myself free, but I also discovered I am not alone. From this standpoint it made sense, but the reaction of course to Tom and his mask is understandable. People would say, "Eat a hamburger or something, you're just skin and bones or people would poke at my collarbones or shoulders and say, "You're soooo thin.". I didn't overcome my eating disorder weak and insecure, but rose above it, standing tall and beautiful. How incredibly beautiful I am, first and foremost, I am beautiful. I wont give away the ending, but needless to say the movie makes a point Disfigured, Toms life is a living hell, yet when the scars are gone his life is complete.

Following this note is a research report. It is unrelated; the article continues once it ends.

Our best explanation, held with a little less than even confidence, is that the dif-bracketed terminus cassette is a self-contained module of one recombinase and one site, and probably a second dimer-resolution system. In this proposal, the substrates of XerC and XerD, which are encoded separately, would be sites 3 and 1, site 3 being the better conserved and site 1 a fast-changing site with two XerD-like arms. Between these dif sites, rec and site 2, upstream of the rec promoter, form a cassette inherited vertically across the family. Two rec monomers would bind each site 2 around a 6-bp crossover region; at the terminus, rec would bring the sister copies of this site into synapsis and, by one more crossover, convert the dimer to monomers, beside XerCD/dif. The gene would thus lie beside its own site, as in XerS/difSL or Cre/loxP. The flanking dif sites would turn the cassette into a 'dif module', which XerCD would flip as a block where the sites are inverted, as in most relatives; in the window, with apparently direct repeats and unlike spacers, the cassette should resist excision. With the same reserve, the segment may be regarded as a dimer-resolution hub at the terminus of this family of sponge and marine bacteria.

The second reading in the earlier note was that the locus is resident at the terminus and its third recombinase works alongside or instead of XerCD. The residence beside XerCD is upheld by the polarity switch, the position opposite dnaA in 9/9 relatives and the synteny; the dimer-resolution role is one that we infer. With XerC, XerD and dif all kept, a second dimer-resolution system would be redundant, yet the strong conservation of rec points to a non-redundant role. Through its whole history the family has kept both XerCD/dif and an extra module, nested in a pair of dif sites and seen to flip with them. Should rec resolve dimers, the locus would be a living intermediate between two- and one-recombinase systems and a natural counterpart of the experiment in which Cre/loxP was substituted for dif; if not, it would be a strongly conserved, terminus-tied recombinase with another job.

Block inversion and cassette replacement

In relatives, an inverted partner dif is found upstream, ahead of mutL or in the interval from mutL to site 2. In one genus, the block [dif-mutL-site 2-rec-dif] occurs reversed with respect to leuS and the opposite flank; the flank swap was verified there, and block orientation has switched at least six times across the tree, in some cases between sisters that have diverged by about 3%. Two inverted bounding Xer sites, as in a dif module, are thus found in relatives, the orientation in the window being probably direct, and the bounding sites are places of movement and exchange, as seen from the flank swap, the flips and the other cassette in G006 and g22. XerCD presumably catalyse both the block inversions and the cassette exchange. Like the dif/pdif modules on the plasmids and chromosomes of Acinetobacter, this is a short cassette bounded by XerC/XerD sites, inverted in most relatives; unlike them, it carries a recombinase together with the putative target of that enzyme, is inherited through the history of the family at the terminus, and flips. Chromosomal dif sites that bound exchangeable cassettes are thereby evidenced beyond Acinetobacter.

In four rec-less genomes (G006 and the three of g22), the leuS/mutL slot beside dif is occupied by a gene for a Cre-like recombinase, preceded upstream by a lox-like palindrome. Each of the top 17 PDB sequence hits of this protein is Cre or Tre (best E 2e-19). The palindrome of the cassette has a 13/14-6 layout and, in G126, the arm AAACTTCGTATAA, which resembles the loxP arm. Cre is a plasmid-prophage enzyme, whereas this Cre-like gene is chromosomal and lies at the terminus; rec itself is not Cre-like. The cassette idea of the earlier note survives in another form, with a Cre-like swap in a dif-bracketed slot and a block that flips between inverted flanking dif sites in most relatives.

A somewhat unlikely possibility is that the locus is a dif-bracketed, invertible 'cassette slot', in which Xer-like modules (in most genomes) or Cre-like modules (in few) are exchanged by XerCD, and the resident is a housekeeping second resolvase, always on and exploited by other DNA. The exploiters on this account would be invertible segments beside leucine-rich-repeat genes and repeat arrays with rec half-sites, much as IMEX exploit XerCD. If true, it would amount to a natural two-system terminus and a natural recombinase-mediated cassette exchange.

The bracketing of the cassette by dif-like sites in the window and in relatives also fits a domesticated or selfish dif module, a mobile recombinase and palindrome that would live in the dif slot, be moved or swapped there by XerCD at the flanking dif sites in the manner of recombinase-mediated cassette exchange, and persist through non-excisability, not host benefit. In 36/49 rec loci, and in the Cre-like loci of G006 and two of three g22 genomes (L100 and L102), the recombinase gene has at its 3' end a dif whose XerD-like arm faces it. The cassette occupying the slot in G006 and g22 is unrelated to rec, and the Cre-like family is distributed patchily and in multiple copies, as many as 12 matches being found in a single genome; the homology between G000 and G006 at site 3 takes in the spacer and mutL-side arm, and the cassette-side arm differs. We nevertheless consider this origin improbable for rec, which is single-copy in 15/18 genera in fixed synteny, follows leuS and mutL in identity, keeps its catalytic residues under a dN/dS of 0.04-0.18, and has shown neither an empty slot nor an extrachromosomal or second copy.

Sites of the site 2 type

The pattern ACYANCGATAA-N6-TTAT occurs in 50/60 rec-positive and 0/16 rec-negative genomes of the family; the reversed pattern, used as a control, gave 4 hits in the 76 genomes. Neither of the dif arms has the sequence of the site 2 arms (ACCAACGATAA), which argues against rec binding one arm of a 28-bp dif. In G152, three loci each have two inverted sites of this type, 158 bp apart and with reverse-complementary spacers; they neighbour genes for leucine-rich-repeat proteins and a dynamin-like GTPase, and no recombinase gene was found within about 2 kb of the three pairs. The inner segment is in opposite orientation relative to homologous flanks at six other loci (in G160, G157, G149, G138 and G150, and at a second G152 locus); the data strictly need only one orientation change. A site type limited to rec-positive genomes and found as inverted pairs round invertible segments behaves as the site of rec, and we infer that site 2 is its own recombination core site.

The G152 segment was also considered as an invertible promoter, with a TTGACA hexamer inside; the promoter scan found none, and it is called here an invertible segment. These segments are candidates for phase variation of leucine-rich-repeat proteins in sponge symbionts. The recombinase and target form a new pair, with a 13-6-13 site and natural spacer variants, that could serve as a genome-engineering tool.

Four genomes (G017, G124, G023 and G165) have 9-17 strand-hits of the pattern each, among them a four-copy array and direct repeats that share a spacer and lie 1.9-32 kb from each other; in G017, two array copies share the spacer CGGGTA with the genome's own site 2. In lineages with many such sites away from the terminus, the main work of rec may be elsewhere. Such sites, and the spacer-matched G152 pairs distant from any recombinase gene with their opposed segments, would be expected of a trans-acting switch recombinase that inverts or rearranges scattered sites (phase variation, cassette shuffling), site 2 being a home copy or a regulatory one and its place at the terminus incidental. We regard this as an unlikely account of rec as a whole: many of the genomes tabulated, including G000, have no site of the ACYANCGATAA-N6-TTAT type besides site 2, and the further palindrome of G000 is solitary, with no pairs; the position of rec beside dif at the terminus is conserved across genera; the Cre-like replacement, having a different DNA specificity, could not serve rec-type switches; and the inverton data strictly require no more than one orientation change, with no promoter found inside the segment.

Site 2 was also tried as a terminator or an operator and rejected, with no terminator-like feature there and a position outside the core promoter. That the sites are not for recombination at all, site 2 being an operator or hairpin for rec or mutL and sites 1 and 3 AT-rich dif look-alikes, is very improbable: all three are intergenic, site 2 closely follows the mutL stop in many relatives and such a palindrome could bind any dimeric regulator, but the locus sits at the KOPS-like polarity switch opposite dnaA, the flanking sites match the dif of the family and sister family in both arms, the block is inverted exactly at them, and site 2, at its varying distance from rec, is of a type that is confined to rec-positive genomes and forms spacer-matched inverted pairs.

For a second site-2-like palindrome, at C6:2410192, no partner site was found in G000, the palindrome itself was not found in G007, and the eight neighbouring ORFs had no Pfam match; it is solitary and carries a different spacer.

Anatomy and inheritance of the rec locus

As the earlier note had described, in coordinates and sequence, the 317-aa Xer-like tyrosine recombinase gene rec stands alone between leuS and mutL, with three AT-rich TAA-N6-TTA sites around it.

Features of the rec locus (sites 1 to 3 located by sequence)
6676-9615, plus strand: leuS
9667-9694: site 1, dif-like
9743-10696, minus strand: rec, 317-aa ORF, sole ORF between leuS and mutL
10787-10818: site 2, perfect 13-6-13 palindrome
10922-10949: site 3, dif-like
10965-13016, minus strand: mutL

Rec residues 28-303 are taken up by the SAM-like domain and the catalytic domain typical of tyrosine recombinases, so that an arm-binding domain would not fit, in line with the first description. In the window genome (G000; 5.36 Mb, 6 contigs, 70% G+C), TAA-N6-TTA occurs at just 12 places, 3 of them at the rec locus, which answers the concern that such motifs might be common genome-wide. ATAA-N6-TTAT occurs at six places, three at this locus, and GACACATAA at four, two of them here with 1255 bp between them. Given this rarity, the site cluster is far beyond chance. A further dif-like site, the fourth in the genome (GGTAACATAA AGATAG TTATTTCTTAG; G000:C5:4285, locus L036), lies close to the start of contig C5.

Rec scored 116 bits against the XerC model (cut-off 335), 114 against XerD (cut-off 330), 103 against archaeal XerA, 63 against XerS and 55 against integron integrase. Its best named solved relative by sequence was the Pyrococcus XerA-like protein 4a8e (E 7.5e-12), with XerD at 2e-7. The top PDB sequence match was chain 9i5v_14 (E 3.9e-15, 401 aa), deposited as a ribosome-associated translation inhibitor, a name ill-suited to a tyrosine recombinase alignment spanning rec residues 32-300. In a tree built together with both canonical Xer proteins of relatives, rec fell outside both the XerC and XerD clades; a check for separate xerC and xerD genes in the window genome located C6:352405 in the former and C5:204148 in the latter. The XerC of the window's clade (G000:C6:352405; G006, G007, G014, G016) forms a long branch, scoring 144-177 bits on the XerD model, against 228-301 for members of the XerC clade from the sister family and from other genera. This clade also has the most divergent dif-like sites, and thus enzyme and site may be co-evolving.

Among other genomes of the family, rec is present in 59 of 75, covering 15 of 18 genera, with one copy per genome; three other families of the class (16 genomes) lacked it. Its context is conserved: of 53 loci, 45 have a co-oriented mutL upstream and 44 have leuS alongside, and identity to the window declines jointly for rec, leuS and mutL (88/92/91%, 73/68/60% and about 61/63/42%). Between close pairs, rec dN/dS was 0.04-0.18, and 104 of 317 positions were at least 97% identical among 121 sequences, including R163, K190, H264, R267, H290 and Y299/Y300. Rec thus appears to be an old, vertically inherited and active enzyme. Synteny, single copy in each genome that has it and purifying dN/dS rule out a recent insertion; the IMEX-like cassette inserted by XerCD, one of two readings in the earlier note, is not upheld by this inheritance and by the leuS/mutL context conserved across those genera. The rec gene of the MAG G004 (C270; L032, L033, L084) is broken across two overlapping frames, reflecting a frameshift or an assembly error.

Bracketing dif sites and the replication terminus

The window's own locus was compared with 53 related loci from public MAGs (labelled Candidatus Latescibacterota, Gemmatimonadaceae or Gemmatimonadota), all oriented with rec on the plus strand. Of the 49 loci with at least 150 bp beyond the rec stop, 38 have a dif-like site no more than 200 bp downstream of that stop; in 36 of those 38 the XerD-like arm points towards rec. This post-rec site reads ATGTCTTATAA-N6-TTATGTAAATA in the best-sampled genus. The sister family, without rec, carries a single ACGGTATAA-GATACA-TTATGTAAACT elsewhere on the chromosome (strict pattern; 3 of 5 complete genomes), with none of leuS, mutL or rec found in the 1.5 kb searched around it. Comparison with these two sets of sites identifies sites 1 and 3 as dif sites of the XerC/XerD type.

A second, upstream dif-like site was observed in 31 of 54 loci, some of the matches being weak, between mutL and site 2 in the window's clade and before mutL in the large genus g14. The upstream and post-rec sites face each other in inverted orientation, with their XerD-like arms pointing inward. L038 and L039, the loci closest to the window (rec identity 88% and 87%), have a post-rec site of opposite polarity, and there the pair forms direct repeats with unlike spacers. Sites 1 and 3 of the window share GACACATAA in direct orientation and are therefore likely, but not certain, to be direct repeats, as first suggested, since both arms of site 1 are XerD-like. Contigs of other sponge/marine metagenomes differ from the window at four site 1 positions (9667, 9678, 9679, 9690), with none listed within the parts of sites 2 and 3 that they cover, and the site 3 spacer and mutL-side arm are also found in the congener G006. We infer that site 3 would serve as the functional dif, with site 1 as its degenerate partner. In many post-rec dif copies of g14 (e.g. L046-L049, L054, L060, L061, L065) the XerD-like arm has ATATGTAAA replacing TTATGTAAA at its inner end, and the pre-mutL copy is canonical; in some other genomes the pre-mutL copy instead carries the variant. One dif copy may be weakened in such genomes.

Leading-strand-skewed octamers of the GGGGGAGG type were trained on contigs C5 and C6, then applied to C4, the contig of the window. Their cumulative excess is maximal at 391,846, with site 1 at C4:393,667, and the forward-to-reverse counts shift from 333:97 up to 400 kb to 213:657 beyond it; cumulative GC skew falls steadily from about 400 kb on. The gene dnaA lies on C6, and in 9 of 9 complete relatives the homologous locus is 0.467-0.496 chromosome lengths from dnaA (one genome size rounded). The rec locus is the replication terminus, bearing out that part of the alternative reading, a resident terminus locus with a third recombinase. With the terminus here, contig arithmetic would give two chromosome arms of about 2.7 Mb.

Expressionless, yet flawless, the mask does very little except protect his ego. At the beginning of last year I told my mom and her exact words were "You're going to die." The next day she took me to the doctor. Despite the fact that I knew I was harming my body, I still continued to eat. It made me stronger than my fears and obsessions, and for that, I am thankful. We often associate eating disorders with something to be ashamed of, or we think if someone knows our secrets, he or she will treat us differently. I could relate, after my facial laceration, i wore a facial prosthesis in the form of a bandaid for several weeks. He receives the respect and envy of his colleagues. I was scared for myself, so I decided to look up my problem on google and Pica popped. I remember thinking if I wasn't thin, I would no longer be considered beautiful.